Data Organization

Background for Teachers

The students now have:

  • Data about the field site, and
  • Data from the lab
  • (And if their question pertains to other sites they have those data as well)

That is a lot of data to sift through. Putting it all in one place, in one spreadsheet will help students find the data they need to answer their question. A pile of slips of paper is a difficult starting place for meaningful data analysis so this preparation step is key.  It helps to have all of the data in one place when conducting analysis of the results as students can refer back to the master spreadsheet to consider the effect of confounding factors.

Although the recommendation in the next classroom activity is for hand graphing of data at this point it is best and easiest to put all data in one electronic spreadsheet. Students can then select and save separately the data that they need for graphing and analysis.

You may be downloading data from the website. Make sure that the students move data from one spreadsheet to another with care. As a class you may want to use the lab data as a base spreadsheet onto which you add the field information as extra columns.


  • To discover any patterns in data students must understand that they need all of their data in a discovery-ready format


  • Students will have a master spreadsheet of all data from which they can select the data that they need to answer their question

Where does this lesson happen in the Project?

This lesson is the second in Unit 5: Data Analysis. It follows Data Warm-ups.

Getting Ready

Get all field data sheets, notes and lab data together. If the lab data are on the website make note of that.

It may also help to have the Table of Field Variables to jog people’s memory of the kinds of information collected in the field.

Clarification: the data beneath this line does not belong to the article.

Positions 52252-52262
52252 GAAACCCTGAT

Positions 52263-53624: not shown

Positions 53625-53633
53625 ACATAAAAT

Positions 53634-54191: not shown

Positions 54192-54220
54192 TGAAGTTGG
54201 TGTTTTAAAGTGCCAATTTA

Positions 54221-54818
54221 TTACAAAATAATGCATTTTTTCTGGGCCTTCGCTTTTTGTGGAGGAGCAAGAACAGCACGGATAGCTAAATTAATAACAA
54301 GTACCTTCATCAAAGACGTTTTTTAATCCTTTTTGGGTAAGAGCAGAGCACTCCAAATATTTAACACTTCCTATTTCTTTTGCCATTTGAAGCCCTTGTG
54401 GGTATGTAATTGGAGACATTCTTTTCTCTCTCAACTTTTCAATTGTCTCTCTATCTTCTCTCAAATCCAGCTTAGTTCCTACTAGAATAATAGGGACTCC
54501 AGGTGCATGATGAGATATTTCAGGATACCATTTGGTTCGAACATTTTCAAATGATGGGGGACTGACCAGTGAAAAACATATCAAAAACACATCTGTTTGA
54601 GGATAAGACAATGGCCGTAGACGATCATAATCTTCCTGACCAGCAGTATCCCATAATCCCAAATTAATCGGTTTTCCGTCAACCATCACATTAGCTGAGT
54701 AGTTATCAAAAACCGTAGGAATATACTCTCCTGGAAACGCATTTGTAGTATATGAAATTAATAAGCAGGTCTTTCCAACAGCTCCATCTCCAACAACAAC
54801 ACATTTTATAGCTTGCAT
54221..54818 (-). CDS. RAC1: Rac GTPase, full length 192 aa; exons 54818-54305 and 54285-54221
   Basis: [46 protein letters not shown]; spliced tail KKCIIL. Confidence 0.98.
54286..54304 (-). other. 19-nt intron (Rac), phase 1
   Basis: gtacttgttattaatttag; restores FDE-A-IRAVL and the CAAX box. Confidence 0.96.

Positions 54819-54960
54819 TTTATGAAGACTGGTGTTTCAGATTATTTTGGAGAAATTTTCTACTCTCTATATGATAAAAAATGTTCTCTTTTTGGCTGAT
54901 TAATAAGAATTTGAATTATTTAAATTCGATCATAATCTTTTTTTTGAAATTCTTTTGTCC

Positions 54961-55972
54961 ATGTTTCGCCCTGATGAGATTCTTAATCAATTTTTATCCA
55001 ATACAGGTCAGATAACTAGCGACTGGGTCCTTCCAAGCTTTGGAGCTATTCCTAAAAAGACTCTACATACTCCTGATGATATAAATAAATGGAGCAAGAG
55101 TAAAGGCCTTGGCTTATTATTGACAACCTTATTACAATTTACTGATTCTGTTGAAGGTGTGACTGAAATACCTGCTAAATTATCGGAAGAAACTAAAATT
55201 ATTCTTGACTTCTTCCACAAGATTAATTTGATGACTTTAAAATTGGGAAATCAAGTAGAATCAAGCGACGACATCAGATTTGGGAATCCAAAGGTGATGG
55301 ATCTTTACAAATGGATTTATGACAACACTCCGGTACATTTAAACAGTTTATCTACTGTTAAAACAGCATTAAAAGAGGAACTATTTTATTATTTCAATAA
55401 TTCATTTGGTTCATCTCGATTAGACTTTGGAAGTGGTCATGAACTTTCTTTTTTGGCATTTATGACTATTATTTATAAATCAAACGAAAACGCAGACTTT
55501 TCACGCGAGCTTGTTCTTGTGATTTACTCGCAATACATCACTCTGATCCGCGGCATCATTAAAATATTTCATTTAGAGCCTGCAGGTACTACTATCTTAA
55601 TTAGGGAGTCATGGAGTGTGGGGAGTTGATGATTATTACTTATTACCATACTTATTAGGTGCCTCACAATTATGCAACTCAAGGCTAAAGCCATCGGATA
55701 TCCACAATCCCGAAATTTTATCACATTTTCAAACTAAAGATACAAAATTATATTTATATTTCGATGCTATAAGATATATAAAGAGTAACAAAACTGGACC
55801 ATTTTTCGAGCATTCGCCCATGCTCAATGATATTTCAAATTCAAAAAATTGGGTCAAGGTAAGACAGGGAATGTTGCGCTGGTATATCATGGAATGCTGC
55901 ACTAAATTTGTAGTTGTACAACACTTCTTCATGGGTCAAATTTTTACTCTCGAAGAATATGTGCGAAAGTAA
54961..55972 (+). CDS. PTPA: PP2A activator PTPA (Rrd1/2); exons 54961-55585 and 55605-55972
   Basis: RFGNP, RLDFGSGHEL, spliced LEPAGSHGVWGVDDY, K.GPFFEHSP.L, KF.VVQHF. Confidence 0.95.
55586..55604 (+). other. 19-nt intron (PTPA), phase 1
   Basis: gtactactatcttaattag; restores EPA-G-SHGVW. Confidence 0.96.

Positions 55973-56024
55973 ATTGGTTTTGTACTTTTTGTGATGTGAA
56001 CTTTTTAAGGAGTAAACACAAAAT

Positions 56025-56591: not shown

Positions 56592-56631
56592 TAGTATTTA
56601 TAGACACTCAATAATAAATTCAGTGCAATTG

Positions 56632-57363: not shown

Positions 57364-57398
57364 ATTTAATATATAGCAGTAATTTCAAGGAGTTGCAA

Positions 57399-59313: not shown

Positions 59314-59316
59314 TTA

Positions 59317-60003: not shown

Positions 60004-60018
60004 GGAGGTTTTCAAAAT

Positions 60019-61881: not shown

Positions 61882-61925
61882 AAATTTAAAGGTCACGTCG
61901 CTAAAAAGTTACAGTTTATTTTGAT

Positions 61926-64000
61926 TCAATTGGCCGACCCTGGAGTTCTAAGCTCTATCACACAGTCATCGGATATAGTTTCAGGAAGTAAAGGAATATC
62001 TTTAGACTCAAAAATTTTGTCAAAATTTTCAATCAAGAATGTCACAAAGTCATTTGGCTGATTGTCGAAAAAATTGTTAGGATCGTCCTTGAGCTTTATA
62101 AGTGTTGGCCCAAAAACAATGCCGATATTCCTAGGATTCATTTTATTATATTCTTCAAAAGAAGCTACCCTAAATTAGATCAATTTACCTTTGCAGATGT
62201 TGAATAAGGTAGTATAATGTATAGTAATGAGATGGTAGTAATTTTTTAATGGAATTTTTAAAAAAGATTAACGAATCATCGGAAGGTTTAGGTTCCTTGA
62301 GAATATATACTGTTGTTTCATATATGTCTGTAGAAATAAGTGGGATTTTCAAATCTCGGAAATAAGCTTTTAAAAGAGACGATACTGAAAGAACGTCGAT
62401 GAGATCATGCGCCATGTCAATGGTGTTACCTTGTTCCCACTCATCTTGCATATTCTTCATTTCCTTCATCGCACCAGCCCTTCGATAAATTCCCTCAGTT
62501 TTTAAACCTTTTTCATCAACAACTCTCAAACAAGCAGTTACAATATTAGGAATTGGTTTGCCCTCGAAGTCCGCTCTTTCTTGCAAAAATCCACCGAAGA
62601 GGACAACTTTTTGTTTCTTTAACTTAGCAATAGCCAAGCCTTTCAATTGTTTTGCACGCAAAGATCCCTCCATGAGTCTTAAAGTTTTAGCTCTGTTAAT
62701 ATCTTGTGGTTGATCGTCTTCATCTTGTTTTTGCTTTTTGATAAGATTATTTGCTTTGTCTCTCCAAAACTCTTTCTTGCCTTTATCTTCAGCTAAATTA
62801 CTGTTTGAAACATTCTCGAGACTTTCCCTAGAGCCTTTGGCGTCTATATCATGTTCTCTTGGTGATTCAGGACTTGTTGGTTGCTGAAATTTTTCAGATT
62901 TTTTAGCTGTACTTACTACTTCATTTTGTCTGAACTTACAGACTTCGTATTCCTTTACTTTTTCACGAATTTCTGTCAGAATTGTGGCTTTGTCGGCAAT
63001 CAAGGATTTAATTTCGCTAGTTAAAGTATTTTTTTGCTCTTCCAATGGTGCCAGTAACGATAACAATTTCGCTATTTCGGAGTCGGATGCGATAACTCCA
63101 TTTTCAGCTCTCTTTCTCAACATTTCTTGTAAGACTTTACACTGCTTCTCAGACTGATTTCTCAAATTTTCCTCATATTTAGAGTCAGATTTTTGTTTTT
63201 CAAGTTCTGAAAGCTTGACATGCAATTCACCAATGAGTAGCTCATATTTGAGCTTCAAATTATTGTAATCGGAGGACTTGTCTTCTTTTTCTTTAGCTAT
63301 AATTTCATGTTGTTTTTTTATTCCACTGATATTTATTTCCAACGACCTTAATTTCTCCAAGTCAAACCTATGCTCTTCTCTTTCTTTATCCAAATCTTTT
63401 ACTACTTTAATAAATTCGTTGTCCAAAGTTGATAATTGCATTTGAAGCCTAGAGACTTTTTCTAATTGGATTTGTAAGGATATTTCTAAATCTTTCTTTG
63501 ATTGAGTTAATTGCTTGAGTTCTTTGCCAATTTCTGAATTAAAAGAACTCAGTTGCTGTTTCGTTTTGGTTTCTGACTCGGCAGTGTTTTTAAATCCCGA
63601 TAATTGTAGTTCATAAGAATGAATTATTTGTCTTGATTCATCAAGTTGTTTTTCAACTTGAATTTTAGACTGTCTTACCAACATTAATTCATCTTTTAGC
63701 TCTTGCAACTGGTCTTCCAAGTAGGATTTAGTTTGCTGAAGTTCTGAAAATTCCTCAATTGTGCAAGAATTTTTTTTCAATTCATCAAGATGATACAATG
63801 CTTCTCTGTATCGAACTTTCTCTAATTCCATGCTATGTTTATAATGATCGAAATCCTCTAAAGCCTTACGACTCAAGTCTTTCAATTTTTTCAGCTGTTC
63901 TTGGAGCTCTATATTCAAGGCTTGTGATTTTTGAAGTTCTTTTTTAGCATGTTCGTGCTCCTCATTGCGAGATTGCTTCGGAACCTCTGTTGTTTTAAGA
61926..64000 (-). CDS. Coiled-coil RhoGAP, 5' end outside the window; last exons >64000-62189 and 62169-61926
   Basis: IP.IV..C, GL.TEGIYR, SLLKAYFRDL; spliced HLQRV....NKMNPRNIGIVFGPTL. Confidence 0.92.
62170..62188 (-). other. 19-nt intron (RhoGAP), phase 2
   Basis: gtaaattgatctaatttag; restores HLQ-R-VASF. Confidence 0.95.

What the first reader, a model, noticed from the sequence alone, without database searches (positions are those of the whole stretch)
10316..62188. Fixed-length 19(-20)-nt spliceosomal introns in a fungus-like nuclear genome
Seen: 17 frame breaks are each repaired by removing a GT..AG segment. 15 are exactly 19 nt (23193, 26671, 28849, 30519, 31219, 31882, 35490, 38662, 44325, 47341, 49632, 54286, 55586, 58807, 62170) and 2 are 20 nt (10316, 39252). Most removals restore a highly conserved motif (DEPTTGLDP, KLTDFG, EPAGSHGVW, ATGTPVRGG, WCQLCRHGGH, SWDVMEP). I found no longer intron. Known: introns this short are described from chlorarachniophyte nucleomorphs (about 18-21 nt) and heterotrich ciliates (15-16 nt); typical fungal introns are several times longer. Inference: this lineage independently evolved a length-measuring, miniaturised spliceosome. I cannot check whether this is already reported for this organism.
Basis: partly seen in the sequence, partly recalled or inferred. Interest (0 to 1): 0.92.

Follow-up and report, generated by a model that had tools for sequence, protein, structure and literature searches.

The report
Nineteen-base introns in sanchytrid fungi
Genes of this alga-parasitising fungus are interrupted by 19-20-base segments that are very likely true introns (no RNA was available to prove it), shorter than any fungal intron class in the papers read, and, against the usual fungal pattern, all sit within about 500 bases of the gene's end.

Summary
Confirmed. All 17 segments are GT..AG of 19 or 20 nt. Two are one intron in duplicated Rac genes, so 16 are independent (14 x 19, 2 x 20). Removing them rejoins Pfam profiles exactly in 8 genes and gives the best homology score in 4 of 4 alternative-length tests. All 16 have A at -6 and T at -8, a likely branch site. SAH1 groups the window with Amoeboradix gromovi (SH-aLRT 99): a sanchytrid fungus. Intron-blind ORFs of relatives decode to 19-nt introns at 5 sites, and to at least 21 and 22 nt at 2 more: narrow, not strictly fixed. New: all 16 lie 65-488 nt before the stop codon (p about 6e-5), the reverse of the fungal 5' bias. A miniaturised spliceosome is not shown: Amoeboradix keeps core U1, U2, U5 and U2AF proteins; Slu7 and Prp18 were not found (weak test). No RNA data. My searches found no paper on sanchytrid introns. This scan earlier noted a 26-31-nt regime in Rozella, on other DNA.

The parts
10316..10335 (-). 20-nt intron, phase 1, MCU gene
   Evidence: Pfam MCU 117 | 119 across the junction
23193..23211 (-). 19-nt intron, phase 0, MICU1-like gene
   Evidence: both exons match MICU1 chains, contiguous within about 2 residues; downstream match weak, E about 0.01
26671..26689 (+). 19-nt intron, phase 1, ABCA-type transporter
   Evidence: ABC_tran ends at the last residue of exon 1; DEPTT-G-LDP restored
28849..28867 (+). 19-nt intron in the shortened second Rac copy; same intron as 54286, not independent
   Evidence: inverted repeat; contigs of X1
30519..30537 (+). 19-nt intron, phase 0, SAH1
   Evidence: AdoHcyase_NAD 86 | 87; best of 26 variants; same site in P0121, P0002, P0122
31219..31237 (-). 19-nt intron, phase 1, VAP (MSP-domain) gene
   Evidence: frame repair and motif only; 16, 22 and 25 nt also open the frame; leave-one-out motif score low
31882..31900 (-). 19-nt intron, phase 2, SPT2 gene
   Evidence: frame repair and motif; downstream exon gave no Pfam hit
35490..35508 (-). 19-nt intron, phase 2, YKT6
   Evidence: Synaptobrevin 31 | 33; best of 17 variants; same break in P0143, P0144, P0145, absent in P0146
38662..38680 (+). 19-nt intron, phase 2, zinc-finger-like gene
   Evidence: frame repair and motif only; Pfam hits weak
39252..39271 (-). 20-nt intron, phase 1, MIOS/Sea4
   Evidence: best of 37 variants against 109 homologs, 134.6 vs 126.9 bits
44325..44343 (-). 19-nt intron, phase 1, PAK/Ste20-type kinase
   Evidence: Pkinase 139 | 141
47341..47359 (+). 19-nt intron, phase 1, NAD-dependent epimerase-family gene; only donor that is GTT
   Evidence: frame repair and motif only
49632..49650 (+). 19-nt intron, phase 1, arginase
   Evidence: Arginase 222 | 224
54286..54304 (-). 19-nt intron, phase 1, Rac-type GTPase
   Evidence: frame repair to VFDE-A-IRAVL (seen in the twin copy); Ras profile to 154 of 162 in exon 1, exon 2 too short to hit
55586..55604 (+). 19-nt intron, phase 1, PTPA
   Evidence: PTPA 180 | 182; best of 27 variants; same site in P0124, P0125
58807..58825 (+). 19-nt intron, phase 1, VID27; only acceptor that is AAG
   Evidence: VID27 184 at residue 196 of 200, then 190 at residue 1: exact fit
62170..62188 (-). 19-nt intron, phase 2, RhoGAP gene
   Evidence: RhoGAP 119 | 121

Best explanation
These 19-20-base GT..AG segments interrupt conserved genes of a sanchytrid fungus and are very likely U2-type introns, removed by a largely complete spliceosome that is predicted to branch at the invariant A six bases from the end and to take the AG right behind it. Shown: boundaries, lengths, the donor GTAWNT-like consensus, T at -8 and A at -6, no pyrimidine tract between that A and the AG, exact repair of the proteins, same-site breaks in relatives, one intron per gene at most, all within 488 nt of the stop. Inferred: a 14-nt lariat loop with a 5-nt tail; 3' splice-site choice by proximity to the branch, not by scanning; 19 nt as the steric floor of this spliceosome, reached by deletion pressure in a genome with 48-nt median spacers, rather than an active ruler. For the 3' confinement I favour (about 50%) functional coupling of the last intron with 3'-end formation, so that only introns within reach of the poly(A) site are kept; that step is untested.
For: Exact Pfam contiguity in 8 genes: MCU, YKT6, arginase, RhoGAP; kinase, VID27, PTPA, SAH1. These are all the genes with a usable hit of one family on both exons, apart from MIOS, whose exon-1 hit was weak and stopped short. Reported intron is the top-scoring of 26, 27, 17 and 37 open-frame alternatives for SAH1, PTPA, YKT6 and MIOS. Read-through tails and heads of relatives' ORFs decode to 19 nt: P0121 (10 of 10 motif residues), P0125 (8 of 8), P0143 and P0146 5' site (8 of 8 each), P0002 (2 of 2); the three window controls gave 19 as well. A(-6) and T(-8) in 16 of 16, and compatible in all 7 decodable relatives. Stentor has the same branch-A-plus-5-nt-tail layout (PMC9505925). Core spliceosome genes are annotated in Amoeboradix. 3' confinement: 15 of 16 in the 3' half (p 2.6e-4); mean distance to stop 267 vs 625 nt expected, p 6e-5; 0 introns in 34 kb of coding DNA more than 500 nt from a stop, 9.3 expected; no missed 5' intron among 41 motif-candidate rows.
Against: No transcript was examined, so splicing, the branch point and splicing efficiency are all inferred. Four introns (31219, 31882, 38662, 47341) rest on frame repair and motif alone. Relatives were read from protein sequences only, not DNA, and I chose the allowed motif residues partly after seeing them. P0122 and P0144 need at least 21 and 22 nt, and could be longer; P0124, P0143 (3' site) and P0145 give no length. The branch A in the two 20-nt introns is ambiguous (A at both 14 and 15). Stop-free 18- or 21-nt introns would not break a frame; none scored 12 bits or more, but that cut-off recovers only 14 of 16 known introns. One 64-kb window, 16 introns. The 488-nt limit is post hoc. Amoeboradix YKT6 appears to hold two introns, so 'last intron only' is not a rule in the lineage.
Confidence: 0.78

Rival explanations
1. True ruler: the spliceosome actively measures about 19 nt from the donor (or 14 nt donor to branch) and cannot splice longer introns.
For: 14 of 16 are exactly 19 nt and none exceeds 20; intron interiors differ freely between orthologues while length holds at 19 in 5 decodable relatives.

• All field data
  • Lab data
  • An electronic or paper spreadsheet

Student Prerequisites

  • Students need to know how to organize a table of information

Time Needed

One class period

Doing the Activity

As a class, determine which variables you have collected. A variable is something you have collected a measurement or observation about. Type or write these variable names across the top row of the spreadsheet or hardcopy table.

Next, fill in the data you collected or had analyzed for each sample. If something is missing leave it blank. Make sure each sample ID matches up with the data values all the way across its row.

When finished be sure to save a copy or make a photocopy and name the file or write on the sheet “Master Copy” so you always have one clean version of the data set in case something happens during the activities. Put the Master copy in a safe place – save to another file or CD, or put it in a class folder or bulletin board if it’s a hard copy.



At this time there is no formative assessment for this activity. We welcome your input.


At this time there is no summary assessment for this activity. We welcome your input.

Lesson Extensions and Supplements

At this time there are no lesson extensions for this activity. We welcome your input.



Developing and using models
Planning and carrying out investigations
Analyzing and interpreting data
Using mathematics and computational thinking
Obtaining, evaluating, and communicating information